We all want more leaders. I don’t think there is any pastor or leader who wouldn’t appreciate more help! But sometimes you step in to a situation or ministry where there is no structure or no leadership team to help you, and that can be really intimidating. I want to share with you a few simple principles to get started raising leaders, especially if you have no leaders right now. Here’s 3 things to STOP doing and 2 things to START doing, to begin raising a leadership team.
The biggest problem for people that have no leaders is the temptation to complain about it ALL THE TIME! It’s not easy to do ministry when you don’t have a team or don’t know where to start, but complaining won’t fix anything. In fact, the reason you are there as a leader is to raise leaders and build teams! That’s what you’re there for! If there were already an abundance of leaders and teams, you wouldn’t have anything to do. So make a decision to get your perspective right and get to work.
The second unproductive tendency we have when trying to raise leaders is to constantly compare the people and leaders that we have with those in other ministries. But God hasn’t given you those people and He hasn’t called you to lead those people. God has placed you in a specific role for a unique purpose; not to duplicate what others have done. Comparison will cause you to keep trying to force people to be like someone else, but leadership is about discipling them to be who God has called them to be. Start with the people you have, and start working to build the team that you need.
Stop Doing Stuff Alone
One really simple and practical way to raise leaders is simply to make a decision to stop doing things by yourself. If you have an errand to run, bring a young person with you. If you’re going to pray for someone, bring a young person with you. Whatever you’re needing to do, or plan, or set up, make sure to bring someone with you! The time you spend with the people who are willing to come with you will be invaluable in developing them to be leaders later. While they’re with you, they’ll see how you do things, they’ll catch your heart, and you’ll build relationship and trust which all works toward them being ready to take on more structured roles later. The great thing about this is that there are no pre-requisites. Everyone qualifies to tag along and help, so it actually allows you to develop people you might normally overlook for specific leadership roles.
Now let’s look at a couple of things you should start doing.
Start With Structure
This may seem like strange advice, but if you have no leaders one of the best ways to start is to decide on a leadership structure. That might seem a bit backward, and maybe you’re thinking “wait, I don’t even have any leaders how am I supposed to make a structure?!”. But the reality is, the challenge of raising leaders is knowing what leaders you are trying to raise. Forming a structure forces you to be specific about what leaders you are needing/looking.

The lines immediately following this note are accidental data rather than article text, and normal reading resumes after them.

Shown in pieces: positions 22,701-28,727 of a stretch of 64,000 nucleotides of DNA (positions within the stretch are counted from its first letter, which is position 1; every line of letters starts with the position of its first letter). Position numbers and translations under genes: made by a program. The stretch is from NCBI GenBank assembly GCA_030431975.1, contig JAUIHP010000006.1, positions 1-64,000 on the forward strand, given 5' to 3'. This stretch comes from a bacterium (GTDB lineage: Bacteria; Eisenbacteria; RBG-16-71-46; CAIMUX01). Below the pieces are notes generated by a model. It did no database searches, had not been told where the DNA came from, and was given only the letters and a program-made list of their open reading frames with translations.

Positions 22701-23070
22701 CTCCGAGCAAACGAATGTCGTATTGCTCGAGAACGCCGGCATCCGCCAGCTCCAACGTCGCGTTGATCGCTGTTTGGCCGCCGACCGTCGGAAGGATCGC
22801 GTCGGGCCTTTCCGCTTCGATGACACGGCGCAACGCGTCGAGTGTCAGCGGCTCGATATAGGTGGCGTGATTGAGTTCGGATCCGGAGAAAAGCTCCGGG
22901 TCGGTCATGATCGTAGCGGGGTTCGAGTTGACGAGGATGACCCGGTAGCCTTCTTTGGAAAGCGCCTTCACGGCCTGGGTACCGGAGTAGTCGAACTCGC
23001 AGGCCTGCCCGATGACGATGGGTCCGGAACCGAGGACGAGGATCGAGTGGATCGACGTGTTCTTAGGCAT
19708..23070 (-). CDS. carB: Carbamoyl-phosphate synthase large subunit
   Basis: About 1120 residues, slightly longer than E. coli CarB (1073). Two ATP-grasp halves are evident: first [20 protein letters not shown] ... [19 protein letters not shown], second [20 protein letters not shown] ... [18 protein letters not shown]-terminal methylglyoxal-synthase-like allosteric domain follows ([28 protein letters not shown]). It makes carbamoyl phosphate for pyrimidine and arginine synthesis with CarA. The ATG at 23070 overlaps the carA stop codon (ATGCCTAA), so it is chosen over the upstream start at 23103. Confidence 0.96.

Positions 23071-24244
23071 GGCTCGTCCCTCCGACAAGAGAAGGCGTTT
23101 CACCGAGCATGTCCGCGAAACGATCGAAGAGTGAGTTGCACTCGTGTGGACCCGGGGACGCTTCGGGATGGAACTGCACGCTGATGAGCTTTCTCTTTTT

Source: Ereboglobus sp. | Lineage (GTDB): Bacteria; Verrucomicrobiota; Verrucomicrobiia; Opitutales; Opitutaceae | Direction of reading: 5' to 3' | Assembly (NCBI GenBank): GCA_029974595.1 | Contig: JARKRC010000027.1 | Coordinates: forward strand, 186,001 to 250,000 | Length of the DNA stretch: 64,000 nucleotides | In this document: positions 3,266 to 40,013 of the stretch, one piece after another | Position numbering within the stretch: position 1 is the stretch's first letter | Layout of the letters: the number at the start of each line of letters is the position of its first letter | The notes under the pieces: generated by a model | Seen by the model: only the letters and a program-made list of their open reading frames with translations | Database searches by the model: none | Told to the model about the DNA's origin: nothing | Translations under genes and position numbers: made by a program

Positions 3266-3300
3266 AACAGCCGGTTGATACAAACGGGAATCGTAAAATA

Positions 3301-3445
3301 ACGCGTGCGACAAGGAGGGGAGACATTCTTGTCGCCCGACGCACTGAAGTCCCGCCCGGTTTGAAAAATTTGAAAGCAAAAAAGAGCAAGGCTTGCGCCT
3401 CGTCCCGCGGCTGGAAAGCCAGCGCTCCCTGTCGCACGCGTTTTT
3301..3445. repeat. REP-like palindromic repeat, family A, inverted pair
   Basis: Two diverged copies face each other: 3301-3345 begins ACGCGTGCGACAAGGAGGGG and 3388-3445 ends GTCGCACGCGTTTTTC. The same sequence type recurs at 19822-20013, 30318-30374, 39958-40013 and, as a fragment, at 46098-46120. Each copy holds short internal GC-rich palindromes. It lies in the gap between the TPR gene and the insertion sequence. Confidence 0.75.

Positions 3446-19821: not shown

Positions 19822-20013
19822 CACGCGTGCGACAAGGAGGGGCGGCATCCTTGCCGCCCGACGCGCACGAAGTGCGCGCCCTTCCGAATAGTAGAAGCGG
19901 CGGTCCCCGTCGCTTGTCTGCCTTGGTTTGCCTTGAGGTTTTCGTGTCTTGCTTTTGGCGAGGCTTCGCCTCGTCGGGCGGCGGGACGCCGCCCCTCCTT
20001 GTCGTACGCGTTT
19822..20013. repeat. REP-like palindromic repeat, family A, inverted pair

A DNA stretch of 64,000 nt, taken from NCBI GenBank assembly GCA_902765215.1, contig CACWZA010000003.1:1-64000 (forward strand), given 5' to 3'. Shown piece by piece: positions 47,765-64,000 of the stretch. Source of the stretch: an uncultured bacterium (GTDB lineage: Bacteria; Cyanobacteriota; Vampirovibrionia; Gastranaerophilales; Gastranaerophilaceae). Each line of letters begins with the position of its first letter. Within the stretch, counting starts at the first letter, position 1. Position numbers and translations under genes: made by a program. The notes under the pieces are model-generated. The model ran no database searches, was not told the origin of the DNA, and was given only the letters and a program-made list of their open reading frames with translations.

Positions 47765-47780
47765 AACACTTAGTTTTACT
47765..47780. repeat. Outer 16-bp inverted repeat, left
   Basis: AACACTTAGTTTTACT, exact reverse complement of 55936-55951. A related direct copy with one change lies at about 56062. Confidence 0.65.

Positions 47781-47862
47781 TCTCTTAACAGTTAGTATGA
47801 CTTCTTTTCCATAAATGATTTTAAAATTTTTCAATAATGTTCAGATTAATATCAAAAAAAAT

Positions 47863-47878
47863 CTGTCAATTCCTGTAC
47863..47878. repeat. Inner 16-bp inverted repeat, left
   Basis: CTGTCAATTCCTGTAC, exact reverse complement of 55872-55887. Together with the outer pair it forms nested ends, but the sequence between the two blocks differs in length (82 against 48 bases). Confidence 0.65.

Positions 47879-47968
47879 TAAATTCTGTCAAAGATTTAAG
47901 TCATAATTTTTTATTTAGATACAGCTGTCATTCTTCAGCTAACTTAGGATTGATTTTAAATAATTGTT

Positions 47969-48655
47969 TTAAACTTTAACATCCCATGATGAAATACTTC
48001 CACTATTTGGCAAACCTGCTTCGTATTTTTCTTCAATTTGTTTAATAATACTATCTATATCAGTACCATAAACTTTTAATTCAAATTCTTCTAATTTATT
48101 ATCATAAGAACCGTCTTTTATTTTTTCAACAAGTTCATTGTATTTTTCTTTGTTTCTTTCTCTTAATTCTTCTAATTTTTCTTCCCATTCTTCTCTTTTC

Think about the things that need to get done in your youth ministry. A great place to start is just to list out all the things that you are currently doing or needing to do and put those in to broad categories. In the beginning, your name may fill most of the roles, but now you know exactly what kind of leader you are trying to raise to help with the ministry.
Start creating low risk opportunities
Don’t expect everyone to show up immediately ready to take on high-level responsibility. Leadership is developed in people, so we need to find simple ways to allow people to serve and grow in leadership capacity. One practical way to approach this is to look at that structure you created, and divide the big categories in to smaller, individual tasks.
For instance, you may have a need in the pastoral areas of your youth ministry and what you want is someone to head up all the pastoral care, counselling, and follow up. Now take a look at what the individual tasks of that ministry role are–perhaps giving follow up phone calls, pastoral visits, prayer for people during youth service. Proactively give some of the tasks to young people whom you can work on to raise as leaders. You may not have a pastoral care assistant, but perhaps you could ask someone to give a follow up call to one or two people. Once they are faithful in that task, move them to one of the other tasks in that role. This doesn’t require titles or positions, and essentially once they have mastered those tasks, you have developed the leader you need. At first you may start with many people doing the tasks of the ministry, while you are in the leadership role, but as you move along you can slowly start raising the leaders you need to help you in the ministry.